Becoming a DIY investor means making your investment decisions without having to pay for financial advice. This might seem a daunting prospect, but this article will help you by equipping you with the basics of portfolio construction, management and strategy.
Anyone with even a passing knowledge of the economic landscape of the last decade won’t need reminding that the value of investments can go down as well as up. One response to the possible volatility of financial markets would be to put all your cash in the bank as, in theory, this should be protected by a national compensation scheme.
An Individual Savings Account (ISA) is a flexible and tax-efficient vehicle. There are a number of ISA options available to investors. One of these is a £20,000 annual allowance for a cash ISA, which operates in much the same way as a typical savings account. Another is a stocks and shares ISA, which allows you to invest in a range of different asset classes and instruments.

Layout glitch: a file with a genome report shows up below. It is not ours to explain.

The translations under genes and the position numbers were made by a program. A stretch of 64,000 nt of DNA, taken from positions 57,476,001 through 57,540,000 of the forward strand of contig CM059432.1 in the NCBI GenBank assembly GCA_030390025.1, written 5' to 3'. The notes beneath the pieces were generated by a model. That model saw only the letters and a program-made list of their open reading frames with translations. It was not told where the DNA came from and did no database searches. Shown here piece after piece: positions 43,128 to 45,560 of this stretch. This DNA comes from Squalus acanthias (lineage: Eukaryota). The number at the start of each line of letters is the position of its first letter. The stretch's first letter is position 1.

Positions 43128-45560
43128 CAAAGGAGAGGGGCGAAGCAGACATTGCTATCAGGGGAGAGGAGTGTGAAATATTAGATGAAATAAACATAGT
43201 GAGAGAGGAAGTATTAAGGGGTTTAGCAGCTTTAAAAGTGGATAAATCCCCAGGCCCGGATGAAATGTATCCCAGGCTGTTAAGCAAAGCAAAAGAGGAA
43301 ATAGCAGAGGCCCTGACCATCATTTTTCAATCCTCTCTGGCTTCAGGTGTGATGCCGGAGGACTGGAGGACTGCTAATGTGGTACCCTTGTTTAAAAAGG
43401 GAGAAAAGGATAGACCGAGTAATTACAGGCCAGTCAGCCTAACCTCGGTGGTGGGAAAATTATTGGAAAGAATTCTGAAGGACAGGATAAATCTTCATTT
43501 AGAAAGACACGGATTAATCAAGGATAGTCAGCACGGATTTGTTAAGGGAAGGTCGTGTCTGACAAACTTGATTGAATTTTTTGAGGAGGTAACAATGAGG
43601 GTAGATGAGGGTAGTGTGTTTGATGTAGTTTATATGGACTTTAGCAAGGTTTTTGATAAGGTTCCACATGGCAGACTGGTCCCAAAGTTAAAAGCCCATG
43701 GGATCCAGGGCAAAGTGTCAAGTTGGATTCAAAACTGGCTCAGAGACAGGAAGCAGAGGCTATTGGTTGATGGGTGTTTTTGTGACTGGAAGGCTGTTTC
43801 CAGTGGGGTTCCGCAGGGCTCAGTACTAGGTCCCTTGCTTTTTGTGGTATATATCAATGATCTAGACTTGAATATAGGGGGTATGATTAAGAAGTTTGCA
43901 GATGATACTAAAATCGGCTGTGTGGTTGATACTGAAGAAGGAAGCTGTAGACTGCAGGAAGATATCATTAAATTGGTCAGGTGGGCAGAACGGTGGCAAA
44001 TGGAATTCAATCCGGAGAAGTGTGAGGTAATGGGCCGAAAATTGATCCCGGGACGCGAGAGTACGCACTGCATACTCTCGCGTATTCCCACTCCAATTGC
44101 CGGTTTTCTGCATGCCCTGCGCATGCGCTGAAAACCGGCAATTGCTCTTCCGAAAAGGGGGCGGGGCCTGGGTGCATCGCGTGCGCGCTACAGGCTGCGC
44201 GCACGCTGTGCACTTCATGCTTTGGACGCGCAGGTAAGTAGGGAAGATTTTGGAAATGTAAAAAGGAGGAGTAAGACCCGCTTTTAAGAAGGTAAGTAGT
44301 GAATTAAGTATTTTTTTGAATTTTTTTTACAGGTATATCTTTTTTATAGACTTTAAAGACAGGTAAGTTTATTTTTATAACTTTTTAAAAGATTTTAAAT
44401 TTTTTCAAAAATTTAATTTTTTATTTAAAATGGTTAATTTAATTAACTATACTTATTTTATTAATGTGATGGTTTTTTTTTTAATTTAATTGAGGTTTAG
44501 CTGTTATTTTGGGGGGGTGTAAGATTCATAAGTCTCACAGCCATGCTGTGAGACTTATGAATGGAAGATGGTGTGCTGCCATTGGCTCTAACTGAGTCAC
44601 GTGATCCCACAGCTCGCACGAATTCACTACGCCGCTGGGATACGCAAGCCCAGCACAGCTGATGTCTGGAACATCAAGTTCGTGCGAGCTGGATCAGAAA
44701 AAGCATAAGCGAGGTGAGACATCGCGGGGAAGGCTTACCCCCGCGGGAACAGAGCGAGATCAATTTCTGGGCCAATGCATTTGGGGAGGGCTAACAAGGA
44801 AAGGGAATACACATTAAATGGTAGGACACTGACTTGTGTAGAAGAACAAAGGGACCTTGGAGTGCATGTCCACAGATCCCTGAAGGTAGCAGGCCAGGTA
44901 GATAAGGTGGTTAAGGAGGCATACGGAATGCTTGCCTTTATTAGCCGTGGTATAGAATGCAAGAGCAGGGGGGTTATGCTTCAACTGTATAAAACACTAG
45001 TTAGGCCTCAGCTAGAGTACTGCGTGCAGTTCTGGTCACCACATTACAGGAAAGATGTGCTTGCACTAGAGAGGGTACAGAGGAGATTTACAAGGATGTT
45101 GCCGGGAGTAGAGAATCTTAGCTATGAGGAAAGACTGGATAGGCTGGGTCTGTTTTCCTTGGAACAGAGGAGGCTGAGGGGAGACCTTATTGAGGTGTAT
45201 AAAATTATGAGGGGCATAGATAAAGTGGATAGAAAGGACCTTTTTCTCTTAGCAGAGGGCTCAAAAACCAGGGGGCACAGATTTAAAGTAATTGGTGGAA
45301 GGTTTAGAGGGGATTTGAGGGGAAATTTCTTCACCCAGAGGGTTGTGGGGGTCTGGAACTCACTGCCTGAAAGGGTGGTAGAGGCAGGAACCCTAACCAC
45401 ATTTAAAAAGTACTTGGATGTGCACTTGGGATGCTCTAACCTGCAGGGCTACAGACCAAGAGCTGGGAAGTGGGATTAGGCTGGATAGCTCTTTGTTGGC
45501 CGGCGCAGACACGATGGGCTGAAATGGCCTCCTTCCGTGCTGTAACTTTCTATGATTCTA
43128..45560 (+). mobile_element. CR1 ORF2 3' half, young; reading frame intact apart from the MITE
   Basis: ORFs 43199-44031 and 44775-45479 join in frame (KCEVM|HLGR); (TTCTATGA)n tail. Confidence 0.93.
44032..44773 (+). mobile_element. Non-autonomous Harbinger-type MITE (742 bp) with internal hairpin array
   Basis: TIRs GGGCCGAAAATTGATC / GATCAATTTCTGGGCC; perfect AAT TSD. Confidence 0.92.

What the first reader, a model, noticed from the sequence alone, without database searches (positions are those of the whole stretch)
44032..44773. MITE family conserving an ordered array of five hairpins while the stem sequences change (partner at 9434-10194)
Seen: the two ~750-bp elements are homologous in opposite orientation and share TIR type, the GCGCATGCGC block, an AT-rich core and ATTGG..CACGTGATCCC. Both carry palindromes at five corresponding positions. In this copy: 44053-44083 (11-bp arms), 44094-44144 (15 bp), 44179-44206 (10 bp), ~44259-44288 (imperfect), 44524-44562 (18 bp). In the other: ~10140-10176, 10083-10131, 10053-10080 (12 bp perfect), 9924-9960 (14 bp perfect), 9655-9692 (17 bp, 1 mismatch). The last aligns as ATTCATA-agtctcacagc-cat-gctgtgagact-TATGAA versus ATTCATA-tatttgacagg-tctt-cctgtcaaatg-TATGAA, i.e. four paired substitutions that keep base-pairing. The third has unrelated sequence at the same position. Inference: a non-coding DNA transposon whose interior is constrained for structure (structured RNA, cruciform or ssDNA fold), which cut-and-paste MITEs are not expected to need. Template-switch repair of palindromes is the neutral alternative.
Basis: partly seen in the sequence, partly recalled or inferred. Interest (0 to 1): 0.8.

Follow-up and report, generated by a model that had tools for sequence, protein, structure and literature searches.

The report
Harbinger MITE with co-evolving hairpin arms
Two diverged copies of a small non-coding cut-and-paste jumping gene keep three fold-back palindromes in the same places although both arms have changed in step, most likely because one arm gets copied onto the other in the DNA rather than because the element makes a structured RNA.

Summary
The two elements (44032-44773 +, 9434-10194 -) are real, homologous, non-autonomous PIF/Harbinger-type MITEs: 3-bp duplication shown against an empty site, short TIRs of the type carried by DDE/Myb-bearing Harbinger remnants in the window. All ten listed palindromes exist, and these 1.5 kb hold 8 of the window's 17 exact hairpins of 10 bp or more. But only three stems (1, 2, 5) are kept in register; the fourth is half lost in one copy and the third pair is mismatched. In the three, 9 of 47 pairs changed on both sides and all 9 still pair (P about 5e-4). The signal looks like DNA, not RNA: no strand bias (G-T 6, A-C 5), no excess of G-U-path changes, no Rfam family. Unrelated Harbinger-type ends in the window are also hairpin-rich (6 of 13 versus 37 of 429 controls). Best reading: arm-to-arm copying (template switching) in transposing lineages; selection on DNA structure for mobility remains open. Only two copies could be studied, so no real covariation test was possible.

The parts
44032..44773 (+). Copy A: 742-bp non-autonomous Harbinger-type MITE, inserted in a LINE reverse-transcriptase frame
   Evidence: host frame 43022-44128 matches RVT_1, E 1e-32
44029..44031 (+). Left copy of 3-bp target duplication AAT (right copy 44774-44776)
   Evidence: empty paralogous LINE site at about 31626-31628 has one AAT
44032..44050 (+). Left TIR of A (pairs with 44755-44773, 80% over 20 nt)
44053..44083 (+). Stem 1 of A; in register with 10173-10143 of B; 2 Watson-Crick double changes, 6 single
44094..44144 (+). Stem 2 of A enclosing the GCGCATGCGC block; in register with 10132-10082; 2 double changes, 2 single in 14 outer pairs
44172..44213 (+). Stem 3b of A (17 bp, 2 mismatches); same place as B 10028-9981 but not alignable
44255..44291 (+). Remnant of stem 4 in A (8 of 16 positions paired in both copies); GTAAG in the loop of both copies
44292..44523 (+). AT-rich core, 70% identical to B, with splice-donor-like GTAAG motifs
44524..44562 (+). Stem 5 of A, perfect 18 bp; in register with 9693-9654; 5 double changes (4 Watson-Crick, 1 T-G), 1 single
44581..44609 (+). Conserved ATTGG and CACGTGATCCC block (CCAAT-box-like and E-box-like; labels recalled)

When it comes to dividends, understanding the difference between dividend yield and dividend growth can be a key factor when deciding what companies to invest in. Dividend yield is calculated by dividing the annual dividend paid per individual share by the current share price
Before getting into the details of what information is available to research for certain types of investments, deciding exactly what type of investment is right for you should be the very first piece of research you do.
Everyone who invests in the stock market has to deal with some measure of volatility: the fact that their investments will go up as well as down. In times of global uncertainty, the possibility of volatility is higher than usual, meaning that many investors have had a rollercoaster ride.